Octavia Spencer is making sure kids can see a superhero that looks like them
If Wonder Woman‘s record-breaking box office success taught us anything, it’s that audiences want representation in movies. Superheroes are not always white men, and kids of all colors and genders want (and deserve) to see a hero onscreen who looks like they do.
Black Panther isn’t the first movie ever to bring a superhero of color to the big screen. But it is the first Marvel Cinematic Universe film to feature a black leading character, plus, a cast made up predominantly of people of color and a director who is a person of color. As far as representation goes, that’s a big deal. It’s so important to get this movie in front of kids who can see themselves in the characters for once.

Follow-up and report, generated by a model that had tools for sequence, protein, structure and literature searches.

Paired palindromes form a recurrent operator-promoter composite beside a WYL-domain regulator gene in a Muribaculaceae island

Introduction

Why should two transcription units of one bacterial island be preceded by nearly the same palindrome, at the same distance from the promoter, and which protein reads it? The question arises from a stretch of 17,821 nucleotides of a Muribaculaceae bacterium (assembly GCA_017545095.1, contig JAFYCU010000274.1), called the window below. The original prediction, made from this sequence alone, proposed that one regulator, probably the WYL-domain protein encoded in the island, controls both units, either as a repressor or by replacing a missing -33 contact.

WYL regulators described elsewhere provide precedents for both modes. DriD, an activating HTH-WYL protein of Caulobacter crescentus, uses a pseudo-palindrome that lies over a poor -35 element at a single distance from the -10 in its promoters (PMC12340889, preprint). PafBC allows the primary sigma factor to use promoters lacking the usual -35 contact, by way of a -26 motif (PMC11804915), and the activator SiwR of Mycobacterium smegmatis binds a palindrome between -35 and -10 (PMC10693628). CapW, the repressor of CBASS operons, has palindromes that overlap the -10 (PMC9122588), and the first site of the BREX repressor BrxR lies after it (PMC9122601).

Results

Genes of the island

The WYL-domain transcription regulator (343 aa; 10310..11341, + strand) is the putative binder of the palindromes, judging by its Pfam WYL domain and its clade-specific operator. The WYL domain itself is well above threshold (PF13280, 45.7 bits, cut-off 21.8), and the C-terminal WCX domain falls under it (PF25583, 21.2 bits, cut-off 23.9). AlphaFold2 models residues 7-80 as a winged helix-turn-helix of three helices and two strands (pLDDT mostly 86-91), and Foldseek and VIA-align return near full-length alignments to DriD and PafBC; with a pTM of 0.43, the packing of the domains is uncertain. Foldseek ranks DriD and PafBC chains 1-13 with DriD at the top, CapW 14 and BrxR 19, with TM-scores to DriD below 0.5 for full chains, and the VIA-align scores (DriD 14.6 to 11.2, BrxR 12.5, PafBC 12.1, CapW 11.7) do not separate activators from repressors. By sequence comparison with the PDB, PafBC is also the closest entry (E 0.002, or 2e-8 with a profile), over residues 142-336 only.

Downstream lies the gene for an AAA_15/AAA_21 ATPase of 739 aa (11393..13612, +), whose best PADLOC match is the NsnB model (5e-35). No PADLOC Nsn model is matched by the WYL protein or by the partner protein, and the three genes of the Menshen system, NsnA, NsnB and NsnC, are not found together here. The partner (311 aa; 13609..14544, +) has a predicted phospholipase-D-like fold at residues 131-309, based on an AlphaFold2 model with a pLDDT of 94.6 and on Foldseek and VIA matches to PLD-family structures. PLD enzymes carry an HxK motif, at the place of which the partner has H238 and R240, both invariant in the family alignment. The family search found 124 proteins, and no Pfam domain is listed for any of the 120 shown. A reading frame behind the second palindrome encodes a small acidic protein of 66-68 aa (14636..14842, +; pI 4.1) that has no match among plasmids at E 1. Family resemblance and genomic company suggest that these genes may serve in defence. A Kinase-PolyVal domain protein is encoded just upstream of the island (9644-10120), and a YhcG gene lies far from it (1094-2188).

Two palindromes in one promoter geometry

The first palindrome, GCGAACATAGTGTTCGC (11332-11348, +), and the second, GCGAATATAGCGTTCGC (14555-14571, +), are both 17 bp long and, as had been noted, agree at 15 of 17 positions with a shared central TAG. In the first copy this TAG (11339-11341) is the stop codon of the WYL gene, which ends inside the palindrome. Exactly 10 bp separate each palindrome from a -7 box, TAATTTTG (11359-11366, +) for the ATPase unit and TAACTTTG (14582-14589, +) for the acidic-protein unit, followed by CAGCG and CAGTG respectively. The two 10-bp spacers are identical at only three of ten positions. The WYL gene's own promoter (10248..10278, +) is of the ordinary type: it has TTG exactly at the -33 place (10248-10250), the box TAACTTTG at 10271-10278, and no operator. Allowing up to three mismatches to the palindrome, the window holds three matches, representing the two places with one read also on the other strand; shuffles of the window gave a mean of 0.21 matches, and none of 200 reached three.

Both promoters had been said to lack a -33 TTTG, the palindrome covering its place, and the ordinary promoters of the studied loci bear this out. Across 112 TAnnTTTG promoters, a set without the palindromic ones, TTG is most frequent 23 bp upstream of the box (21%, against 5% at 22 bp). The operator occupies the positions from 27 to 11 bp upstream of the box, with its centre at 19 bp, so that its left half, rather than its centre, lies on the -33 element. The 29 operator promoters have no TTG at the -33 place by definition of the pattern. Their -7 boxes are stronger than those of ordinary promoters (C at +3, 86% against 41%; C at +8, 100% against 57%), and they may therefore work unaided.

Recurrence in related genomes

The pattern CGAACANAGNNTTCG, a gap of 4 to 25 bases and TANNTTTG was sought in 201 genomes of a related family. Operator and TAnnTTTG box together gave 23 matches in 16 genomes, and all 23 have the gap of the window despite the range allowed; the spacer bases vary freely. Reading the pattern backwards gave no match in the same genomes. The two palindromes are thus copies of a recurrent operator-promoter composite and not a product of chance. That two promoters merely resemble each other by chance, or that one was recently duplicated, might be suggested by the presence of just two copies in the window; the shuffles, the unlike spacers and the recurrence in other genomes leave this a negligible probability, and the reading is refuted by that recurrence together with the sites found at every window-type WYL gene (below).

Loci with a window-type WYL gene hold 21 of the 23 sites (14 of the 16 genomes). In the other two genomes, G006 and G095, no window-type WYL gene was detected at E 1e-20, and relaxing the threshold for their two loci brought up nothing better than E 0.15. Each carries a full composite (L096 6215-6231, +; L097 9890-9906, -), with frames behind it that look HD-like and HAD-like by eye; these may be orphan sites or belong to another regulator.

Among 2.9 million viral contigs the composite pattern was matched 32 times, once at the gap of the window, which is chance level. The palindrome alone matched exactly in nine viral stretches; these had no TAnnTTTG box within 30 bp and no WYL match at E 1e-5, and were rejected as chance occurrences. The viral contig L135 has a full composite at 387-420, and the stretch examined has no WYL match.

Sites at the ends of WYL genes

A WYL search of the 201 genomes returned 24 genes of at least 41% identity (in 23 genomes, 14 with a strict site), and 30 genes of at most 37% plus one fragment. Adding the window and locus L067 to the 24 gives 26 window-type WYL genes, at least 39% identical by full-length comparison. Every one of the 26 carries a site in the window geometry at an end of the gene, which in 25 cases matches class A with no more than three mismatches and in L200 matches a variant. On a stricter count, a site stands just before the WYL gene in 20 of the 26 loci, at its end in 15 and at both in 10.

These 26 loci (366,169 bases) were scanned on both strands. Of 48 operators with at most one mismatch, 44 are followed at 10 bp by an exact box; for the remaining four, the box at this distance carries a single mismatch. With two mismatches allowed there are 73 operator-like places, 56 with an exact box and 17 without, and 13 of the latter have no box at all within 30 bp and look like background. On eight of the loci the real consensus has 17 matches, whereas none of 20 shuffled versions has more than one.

Enter Octavia Spencer. Spencer, who has become A-list Hollywood royalty after roles in The Help, Hidden Figures and The Shape of Water, is stepping up to make that happen. She just announced on Instagram that when Black Panther hits theaters, she plans to rent out an entire Mississippi movie theater so kids in town can see themselves represented on film.
“I will be in MS when this movie opens,” she wrote. “I think I will buy out a theatre in an underserved community there to ensure that all our brown children can see themselves as a superhero. I will let you know where and when Mississippi. Stay tuned. #KingsAndQueensWillRise #blackpanthermovie.”
Spencer isn’t even the only person to have this idea. Frederick Joseph, from Harlem, New York, has already pledged to rent out a whole theater to send his local Boys and Girls Club to see Black Panther. His GoFundMe page to raise the money needed to book a whole theater hit three times its goal in under a week, inspiring him to start the Black Panther Challenge, which encourages others to run their own fundraisers to send kids to see this movie.
So far, Black Panther‘s advance ticket sales are outpacing every other superhero movie ever made. Listen up, Hollywood. People want better representation. The world isn’t all white, so movies shouldn’t be, either.